Bruce Macrae
Classic Melbourne, Australia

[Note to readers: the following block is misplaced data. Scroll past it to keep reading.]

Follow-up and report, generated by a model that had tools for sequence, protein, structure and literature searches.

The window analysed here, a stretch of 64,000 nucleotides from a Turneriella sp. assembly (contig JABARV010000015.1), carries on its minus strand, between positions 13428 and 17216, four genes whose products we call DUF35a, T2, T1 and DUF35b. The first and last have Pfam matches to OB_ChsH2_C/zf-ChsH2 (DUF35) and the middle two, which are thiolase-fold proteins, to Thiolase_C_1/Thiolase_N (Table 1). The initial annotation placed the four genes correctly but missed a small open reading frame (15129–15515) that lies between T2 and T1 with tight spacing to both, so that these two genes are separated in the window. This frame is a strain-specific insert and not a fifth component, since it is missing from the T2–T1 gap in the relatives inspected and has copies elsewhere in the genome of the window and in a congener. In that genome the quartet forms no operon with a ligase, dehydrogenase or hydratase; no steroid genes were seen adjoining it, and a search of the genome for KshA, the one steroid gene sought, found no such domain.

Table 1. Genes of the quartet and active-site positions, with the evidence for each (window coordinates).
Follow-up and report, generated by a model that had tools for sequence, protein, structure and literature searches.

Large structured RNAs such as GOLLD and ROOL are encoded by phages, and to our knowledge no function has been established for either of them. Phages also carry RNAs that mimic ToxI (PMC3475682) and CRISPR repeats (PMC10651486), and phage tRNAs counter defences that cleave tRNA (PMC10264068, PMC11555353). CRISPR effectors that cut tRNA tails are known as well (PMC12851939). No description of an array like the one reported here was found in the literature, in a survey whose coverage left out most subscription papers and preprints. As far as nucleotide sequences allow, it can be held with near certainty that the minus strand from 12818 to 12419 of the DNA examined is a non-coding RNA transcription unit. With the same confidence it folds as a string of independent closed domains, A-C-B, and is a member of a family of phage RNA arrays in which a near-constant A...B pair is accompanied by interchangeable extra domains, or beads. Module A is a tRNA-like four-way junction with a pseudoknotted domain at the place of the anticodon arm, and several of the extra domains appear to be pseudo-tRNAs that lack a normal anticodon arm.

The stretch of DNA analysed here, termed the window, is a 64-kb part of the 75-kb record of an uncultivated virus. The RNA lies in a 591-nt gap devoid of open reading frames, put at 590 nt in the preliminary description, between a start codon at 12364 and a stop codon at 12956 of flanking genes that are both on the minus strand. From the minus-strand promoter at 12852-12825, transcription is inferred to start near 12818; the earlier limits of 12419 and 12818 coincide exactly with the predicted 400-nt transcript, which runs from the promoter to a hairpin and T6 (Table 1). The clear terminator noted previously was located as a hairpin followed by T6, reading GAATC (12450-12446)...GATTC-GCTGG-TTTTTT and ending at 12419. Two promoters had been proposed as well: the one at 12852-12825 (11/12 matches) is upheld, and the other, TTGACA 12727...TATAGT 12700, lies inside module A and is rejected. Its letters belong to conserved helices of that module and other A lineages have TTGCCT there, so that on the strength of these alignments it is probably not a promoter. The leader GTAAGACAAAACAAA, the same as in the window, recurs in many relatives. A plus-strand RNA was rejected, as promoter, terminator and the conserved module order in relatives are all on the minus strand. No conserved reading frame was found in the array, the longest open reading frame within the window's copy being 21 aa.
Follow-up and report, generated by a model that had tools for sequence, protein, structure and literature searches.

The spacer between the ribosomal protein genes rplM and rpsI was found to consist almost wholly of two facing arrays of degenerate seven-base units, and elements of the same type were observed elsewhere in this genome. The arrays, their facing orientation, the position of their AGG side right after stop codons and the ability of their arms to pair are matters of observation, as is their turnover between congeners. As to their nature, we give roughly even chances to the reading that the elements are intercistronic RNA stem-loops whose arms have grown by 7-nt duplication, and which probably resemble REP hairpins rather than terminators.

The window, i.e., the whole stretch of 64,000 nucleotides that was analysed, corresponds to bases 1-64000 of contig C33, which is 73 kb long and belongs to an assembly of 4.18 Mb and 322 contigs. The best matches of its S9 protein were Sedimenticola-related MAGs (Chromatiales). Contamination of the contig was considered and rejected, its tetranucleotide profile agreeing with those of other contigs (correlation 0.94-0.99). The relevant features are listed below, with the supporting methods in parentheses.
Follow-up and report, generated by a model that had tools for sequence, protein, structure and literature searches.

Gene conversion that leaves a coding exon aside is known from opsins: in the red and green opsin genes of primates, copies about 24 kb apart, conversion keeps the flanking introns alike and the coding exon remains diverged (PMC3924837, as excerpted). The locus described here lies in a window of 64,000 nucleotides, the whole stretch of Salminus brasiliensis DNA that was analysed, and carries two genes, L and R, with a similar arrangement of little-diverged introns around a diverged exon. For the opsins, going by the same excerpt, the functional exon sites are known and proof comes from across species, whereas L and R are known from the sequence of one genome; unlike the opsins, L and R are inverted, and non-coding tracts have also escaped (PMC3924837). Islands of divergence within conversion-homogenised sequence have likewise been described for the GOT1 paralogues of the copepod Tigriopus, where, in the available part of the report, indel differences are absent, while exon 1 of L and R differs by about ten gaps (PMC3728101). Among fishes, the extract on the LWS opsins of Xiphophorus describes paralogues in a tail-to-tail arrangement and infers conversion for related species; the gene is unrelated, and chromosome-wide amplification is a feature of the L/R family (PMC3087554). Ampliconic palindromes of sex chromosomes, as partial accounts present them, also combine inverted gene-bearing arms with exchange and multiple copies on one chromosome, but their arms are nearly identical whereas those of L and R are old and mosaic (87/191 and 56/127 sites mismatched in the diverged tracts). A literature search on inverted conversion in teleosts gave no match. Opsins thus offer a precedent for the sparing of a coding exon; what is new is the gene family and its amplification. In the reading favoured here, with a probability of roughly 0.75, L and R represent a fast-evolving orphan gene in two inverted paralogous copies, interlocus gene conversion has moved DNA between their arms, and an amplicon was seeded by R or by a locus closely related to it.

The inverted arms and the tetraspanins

In the new setting, as the old man’s tremulous tune seemingly endlessly repeats, the a cappella voices accompany, harmonise and embellish the phrases. Gradually voices in counterpoint expand into the space: humming becomes vowels, lengthen into words, become phrases in canon, become riffs on phrases taken up by newer smaller groups which have formed … the old man’s voice continuing as a cantus firmus while the shifting groupings and vocal textures grew and evolved. One felt that the full glory of choral singing was being revealed. As a companion piece to the Bryars work, Antony Pitts’s Transiens is an outstanding accomplishment … the outer two sections of Transiens revealed themselves to be a fantasia on a series of canons, which, like the Wylkynson original, focus on the twelve phrases of a much older confession of faith—the Apostles’ Creed … the evolving textures created by the counterpoint and the resulting harmonies again reinforced the joy of singing for its own sake … entrancing moments of vocal expression—melismas, very high notes, cheeky rhythms, 'odd' notes in chords, the men’s voices suddenly singing disjunctively, and even solo voices. Finally and movingly, towards the end, as if in homage to Gavin Bryars’s old man of simple faith, the full choir reminded us in unison of the melody of his burden, Jesus’ blood never failed me yet … even such a thing as the melody of a simple confession of faith can be reworked by a composer and fine voices into something ‘sufficient, beautiful, even glorious’.